Scrutinizing the Subvisible - Pharmaceutical Technology

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Scrutinizing the Subvisible
Regulators question whether particles that they can't see hurt patients.

Pharmaceutical Technology
Volume 35, Issue 4, pp. 44-48

The appropriate methods

Compendial methods. Measuring and analyzing particles smaller than 10 m is challenging for quality-control personnel because the standard tests on parenteral products don't examine particles in this size range. But the required technology is relatively straightforward and readily available, according to industry sources.

The preferred method for the first round of testing is light obscuration, which is described in USP <788> (1). Light obscuration detects particle sizes between 2 m and hundreds of micrometers. Companies commonly calibrate the instruments to 2 m, yet most firms outside the biopharmaceutical industry generally don't examine the region of particles smaller than 10 m, says Aldrich.

The technique has known limitations, however. Air and immiscible oils in a product could lead to an artificially high particle count using light obscuration. And the method sometimes fails to properly size nonspherical particles and those with a refractive index close to that of the liquid formulation, thus resulting in inaccurate and low counts.

Scientists can use the membrane-microscopic technique as an alternate or secondary method. This method is a more direct revelation of particle content than light obscuration is because it isolates solids or semisolids from the sample liquid onto microporous media and counts particles in size thresholds. Membrane microscopy has a wide detection range (i.e., from 5 m to many millimeters).

The technique also has shortcomings, though. "Because it is [an] optical-microscopy evaluation at 100 [magnification] with reflected illumination, particles below 10 m are difficult to resolve on the porous membrane surface," thus making accurate counting difficult, says Aldrich. Inherent proteinaceous particles also may be difficult for the microscopist to count or size. Air and immiscible oils are not problematic, however, because particles are observed in a dry state and may appear as stains.

In addition, the membrane microscopic method is tedious, and no company will resort to it "unless they have a real need to, or if they had to use that methodology to verify the counts they received during light-obscuration counting," says Cherris. Some equipment automatically counts and identifies particles on a filter surface, but it is much more expensive than light-obscuration particle counters are.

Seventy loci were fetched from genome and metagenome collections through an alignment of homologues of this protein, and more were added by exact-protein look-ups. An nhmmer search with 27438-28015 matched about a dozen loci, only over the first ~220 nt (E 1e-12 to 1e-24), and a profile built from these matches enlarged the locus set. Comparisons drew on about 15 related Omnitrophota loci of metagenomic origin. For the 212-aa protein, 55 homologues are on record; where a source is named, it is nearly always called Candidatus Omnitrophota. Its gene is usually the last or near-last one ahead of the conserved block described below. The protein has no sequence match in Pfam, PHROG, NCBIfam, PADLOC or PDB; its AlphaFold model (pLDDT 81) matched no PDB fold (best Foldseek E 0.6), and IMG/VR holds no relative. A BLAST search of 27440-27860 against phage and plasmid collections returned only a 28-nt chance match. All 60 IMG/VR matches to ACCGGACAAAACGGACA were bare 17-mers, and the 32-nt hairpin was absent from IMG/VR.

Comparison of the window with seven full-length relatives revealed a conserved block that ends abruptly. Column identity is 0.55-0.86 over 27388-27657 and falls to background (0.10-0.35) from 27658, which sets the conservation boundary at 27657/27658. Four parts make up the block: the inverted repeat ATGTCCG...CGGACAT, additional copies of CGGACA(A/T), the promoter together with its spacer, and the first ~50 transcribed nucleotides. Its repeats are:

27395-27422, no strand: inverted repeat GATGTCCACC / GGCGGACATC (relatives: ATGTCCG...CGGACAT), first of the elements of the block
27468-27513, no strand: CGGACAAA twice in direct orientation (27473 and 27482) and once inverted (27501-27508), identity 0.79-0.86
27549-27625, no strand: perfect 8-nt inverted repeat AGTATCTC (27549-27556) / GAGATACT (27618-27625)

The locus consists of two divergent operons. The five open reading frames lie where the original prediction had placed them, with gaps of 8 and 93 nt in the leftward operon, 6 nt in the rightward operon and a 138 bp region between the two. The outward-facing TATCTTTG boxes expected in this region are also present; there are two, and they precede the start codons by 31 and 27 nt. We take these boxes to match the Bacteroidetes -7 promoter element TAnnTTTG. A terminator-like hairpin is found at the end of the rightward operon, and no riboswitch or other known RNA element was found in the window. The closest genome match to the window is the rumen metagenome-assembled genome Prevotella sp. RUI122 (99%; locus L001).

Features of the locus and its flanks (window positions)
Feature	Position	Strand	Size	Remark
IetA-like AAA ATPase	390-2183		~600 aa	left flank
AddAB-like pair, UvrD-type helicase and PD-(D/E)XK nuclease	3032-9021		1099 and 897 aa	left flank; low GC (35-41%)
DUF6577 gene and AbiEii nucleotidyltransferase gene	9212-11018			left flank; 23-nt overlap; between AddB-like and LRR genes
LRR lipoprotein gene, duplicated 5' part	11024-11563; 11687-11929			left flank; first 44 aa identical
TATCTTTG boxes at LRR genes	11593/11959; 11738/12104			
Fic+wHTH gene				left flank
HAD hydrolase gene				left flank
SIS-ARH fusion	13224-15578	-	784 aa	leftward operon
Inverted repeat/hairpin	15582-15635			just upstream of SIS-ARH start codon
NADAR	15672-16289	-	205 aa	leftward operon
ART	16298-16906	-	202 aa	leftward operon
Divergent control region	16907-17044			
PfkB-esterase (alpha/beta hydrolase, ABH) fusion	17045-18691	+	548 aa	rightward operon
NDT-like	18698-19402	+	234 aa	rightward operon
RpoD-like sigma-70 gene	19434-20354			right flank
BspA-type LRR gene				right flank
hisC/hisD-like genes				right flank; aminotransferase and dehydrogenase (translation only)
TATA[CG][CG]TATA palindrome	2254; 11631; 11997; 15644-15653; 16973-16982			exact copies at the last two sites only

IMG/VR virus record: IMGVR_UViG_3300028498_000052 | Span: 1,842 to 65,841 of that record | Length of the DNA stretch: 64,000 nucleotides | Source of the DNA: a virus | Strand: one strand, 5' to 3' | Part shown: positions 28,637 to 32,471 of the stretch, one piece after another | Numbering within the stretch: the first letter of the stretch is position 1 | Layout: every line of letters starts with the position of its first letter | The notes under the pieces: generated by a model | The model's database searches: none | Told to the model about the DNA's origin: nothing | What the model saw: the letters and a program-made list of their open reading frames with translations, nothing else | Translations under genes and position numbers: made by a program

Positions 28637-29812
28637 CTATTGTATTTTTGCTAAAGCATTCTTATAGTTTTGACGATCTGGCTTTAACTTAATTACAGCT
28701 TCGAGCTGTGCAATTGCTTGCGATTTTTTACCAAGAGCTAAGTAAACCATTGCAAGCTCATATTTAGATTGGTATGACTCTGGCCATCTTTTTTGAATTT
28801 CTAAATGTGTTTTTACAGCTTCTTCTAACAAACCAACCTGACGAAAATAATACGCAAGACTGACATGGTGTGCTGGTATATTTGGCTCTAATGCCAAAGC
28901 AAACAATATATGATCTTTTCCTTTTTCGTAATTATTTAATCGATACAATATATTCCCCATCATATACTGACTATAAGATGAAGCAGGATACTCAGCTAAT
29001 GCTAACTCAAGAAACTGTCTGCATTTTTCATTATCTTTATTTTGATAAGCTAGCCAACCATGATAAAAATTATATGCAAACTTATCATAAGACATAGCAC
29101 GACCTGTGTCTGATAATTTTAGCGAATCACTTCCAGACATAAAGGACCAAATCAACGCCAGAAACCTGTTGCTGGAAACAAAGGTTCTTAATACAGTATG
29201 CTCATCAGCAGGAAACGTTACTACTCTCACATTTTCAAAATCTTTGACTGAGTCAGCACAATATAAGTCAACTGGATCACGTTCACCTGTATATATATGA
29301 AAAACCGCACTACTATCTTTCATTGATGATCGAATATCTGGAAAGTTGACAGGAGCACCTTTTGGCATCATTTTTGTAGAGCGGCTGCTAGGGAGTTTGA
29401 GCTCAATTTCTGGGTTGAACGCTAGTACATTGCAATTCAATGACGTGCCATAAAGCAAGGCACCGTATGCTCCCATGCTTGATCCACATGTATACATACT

The most economical way to test for particles smaller than 10 m is to use automated particle counting first, then to use microscopic and spectroscopic techniques to identify the particles on a membrane surface, says Cherris. "Most companies that have recently purchased new light-obscuration particle counters have the sensor technology now to start counting down in that range."

Noncompendial methods. Many biopharmaceutical companies use alternate, noncompendial methods to understand the subvisible particle population. These techniques are reliable, but have a measurement gap from 0.1 to 1 m, says Aldrich.

One such approach is the Coulter principle, which uses a dilution of a product in conducting liquids to measure particles between 0.4 and 50 m, depending on instrument setup. Formulation buffering and preparation affect the measurements, but the technique measures particles and aggregates in a solution to reveal a relevant particle–product state.

The flow-imaging approach is an extension of optical microscopy that uses cameras to detect and record in situ particles in product fluid. The method detects particles from 0.7 m to 1 mm, depending on their shape. This technique's ability to capture particle images for subsequent analysis allows the evaluation of the particle population under various shape and size contexts, says Aldrich.

Investigating particles in this size range is important and requires more than one method. Monitoring particles smaller than 10 m "can provide valuable information on changes in product stability, protein aggregation, and product attributes that affect patient safety," says Dan Berdovich, manager of quality assurance and regulatory affairs at Micro Measurement Laboratories.

The next steps

Certain drugmakers are collecting information about particles smaller than 10 m at FDA's request. Although its goal is sound, FDA must agree with industry on the most appropriate standardized testing methodology, according to Cherris. "If we don't collect data in the 2–10-m range in a comparable way, it will be a long road, and probably the wrong road to follow in understanding these particle populations," he says.

The industry, through large nonprofit organizations focused on bettering pharmaceutical quality, should sponsor this data-collection program, not the government, according to Cherris. The Parenteral Drug Association or the US Pharmacopeia should create a scientific committee to collect and study the data, and possibly draft a new standard, he says. "Without that type of industry rally in an organized manner, the requests from FDA to collect this information will not be widely effective."


1. USP 23–NF 18 (US Pharmacopeial Convention, Rockville, MD, 1995), pp. 1813–1819

2. J.F. Carpenter et al., J. Pharm. Sci. 98 (4), 1201–1205 (2009).


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